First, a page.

Spartan’s obstacles genuinely ranged from 1 (so easy. So so easy) to 10 (could not even attempt) on my scale. They also ranged from 1 (hated it) to 10 (loved it) in terms of engagement and enjoyment for me. I’ve really got no idea how many obstacles, or indeed how many of the obstacles I encountered were official or just part of the terrain (Spartan does not publish race maps or obstacle lists), so I’ll list some below and rate them on my Difficulty and Enjoyment scales. In no particular order:

  • Atlas Carry
    Carry a dead ball around a (seemingly very short) circuit. Men 50 kg, women 35kg. Difficulty: 6 (35kg is slippery when you’re covered in mud), Enjoyment: 9
  • Barbed Wire Crawl
    Travel approx. 40 metres in mud under barbed wire. Commando crawling and rolling seemed to be the two methods of choice. I chose rolling, and it worked incredibly well. I got speed up, it was sustainable, and I didn’t tear any clothing. Difficulty: 4 Enjoyment: 8
  • Fire Jump
    Literally jump over a fire. This is a very small obstacle, and there’s not much to it besides a photo op. Difficulty: 1 Enjoyment: 2
  • Cargo net crawl
    Cargo net is layed out on the ground – in this obstacle, you crawl approx. 10 metres under the net. Difficulty: 2 Enjoyment: 5 (it was an easy first win)
  • Hercules Hoist
    Pull a kettlebell attached to a rope up a pully (maybe 5 metres up?) then lower it slowly. Men – 35 kg, Women – 20 kg. I feel like my pully was a bit caught up for this one – this made it simultaneously easier and harder. Either way, lots of fun. Difficulty: 7 Enjoyment: 9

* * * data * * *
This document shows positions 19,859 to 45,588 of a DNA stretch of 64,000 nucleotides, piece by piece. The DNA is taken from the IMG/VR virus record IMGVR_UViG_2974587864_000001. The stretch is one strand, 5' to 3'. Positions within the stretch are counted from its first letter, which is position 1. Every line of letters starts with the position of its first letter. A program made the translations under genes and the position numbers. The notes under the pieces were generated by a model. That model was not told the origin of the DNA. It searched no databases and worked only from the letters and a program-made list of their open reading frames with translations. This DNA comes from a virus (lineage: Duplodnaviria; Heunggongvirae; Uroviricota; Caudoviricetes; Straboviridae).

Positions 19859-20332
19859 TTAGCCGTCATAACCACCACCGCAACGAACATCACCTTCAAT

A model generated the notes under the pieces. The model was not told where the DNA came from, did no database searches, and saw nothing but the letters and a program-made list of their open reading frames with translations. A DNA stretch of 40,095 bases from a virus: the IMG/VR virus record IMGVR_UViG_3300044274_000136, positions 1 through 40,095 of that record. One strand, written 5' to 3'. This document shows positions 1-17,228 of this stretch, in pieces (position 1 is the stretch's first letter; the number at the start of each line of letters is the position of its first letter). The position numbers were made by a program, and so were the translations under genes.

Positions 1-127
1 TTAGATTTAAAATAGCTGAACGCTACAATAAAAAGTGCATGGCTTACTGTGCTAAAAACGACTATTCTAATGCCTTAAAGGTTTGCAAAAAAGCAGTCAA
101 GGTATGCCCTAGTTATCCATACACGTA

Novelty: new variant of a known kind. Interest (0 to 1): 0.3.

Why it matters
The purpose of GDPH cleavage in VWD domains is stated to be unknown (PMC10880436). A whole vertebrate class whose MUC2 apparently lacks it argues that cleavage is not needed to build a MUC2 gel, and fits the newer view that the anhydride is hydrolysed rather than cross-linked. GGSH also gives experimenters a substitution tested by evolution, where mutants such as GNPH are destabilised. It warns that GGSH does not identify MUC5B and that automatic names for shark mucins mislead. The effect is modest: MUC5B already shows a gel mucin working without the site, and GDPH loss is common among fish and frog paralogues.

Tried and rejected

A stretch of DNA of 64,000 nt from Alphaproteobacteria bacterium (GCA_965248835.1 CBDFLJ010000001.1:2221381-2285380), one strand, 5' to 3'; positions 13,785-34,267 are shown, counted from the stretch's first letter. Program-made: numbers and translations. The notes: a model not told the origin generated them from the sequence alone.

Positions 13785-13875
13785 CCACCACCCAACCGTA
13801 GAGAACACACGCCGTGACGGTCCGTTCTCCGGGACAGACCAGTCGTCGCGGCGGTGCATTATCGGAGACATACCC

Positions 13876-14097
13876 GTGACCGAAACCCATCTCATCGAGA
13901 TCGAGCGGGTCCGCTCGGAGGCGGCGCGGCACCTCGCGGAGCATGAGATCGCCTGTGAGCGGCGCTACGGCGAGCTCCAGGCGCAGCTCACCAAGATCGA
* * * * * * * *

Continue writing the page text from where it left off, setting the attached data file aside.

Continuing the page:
• Over Under Through
    A series of walls probably 1.5 – 1.7 metres tall. Climb over one, under one, and through the third. Lots of satisfaction in completing this one after watching plenty need help in getting over and through! Difficulty: 7 Enjoyment: 9
  • Rope Climb
    Climb a rope and ring a bell at the top. Probably 5 metres tall? I really wanted to ace this. I’ve never climbed a rope before, but I studied the technique, and I really hoped that I’d miraculously smash it. I definitely didn’t!! That’s ok. One to actually practice for next time. (note: Stampede had an unanchored rope ladder alternative for this, which was great for those of us who genuinely have nowhere to practice climing a rope) Difficulty: 10 Enjoyment: 1